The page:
Visions du Réel review: Non Western (International Feature Competition)

Visions du Réel review: Non Western (International Feature Competition)

Two people from very different backgrounds, finding each other despite social, religious and societal obstacles – a universal message delivered in a personal and unique story. 

 

‘This is our fairy-tale’, Nanci says right at the end of this wonderfully paced, atmospheric and touching documentary. Two people from very different backgrounds, finding each other despite social, religious and societal obstacles – a universal message delivered in a very personal and unique story. 

 

It is easy to make snap judgments during the early stages of the documentary: Nanci is a Caucasian woman who has fallen for the exotic and mysterious ways of the Native American people, personified in Thaddeus, a Cheyenne who only later in life found his roots, and is therefore more religious than the Pope when it comes to ‘his’ traditions. 

 

The two are set to get married in a traditional Cheyenne ceremony, but this requires adjustments, especially from Nanci, who we learn is a very educated and successful professional. 

 

Filmmaker Laura Plancarte gets close to her characters, literally and figuratively: she lets Nanci talk about her insecurities and doubts as her face almost fills the frame. Thaddeus’ distinctive Native American features are also filmed from up close, when he lectures us on the importance of following the rules of traditions.

 

Plancarte doesn’t comment and doesn’t judge, but lets the story and the situations unfold patiently – marking the changes in locations and perspectives with beautifully filmed shots of the nature and landscape of Montana, which looks impressive whether shot in wide angle or in extreme close-up.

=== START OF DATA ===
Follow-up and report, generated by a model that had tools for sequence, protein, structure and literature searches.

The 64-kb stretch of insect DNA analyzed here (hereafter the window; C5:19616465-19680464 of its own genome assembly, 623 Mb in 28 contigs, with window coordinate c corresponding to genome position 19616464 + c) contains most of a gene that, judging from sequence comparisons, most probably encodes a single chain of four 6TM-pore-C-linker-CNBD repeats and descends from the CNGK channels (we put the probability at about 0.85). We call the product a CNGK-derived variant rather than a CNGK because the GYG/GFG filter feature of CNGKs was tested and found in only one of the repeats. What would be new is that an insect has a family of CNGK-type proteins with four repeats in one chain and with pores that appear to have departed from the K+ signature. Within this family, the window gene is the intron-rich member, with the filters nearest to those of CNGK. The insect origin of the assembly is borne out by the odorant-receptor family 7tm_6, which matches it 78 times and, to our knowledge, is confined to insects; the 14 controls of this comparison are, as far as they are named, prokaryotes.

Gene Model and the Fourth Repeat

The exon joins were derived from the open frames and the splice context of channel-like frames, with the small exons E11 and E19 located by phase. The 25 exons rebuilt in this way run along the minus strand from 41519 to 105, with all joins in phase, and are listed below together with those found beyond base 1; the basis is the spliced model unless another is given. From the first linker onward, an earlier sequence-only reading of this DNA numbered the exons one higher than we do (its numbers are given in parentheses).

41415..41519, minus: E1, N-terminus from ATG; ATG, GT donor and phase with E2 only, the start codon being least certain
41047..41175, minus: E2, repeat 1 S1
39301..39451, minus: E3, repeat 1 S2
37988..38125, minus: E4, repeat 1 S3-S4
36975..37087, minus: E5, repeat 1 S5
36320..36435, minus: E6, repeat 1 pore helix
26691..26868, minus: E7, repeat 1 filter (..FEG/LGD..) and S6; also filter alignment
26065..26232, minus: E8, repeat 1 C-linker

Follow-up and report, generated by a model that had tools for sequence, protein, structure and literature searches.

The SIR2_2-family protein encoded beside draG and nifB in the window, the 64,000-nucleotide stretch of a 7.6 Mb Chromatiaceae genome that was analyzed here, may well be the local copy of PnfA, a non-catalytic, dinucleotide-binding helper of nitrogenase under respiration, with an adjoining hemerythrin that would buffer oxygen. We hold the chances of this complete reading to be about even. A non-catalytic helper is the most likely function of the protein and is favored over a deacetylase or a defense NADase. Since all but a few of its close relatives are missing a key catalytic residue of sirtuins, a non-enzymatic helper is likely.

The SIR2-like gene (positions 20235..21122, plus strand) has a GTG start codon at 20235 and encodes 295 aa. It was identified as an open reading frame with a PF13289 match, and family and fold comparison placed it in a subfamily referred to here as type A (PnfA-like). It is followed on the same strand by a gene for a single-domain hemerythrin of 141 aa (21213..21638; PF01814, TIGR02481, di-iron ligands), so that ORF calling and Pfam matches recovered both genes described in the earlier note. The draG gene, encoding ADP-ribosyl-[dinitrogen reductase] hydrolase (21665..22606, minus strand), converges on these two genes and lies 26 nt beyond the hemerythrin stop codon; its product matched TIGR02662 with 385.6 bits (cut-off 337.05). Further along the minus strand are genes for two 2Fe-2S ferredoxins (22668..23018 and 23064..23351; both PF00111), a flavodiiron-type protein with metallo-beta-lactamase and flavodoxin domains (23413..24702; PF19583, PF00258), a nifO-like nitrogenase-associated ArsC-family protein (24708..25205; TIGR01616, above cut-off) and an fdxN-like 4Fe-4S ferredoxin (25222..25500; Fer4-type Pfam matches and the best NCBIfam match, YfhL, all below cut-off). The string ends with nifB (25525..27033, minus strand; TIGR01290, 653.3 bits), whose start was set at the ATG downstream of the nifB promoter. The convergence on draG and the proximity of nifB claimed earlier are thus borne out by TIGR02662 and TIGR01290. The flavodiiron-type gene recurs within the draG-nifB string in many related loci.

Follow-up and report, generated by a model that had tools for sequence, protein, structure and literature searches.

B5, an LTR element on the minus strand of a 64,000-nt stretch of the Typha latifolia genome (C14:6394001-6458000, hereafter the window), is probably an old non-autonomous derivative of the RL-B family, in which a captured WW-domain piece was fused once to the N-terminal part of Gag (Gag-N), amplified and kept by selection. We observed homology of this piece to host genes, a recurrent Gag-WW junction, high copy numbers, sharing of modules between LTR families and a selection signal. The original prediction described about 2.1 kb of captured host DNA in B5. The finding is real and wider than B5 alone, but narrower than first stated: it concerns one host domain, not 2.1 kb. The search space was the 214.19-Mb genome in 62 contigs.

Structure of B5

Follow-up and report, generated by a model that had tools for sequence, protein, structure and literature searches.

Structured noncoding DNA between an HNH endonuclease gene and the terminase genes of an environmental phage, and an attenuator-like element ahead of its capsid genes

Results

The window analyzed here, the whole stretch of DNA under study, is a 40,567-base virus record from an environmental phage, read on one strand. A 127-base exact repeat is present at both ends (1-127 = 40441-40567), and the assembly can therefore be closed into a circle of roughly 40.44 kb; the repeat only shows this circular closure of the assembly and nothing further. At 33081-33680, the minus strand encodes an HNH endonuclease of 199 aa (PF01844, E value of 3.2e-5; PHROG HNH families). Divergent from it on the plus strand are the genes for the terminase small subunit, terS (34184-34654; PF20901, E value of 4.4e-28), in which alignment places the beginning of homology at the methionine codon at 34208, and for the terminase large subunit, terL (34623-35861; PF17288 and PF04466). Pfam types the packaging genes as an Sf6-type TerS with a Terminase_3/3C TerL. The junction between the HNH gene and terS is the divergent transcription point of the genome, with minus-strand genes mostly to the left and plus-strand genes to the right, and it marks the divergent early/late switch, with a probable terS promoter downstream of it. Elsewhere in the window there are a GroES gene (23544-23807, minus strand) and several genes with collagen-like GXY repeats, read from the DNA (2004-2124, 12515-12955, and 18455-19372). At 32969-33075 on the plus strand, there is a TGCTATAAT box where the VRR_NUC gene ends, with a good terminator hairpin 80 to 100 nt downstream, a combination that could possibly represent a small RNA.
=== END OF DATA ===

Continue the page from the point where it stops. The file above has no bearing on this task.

The film also constitutes an investigation into people’s motives, drives and habits: why is Nanci so determined to be part of the Native American community – even when it would mean taking several steps back from a hard-earned status of equality? And why do Thaddeus and his mother hold on to their history with such relentless force – even when the Cheyenne priest in his wisdom talks about the inevitability of change?

 

The house of Nanci and Thaddeus, where her three children are also living, are a great location for the issues between the two cultures to be expressed. There are no dramatic fights, just some passive aggressive communication which makes you want to shout: ‘Give up, already!’. But just like her protagonists, Plancarte persists in diving even deeper into the matter, learning about the cultural and personal traumas that lie at the core of just about all problems as she tries to create some kind of understanding on all sides. 

 

So in the end, that is what the film is about: about healing, about love and looking at other people and cultures with compassion instead of holding onto hurt and digging in your heels. The scene  where Thaddeus’ mother asks her son for forgiveness is a heartwarming thing to watch. Maybe people do change, maybe it is possible to live together in peace, and maybe, as the film suggests, love may conquer all. 

 

Director: Laura Plancarte

Countries: UK, US, Mexico

1h 33mins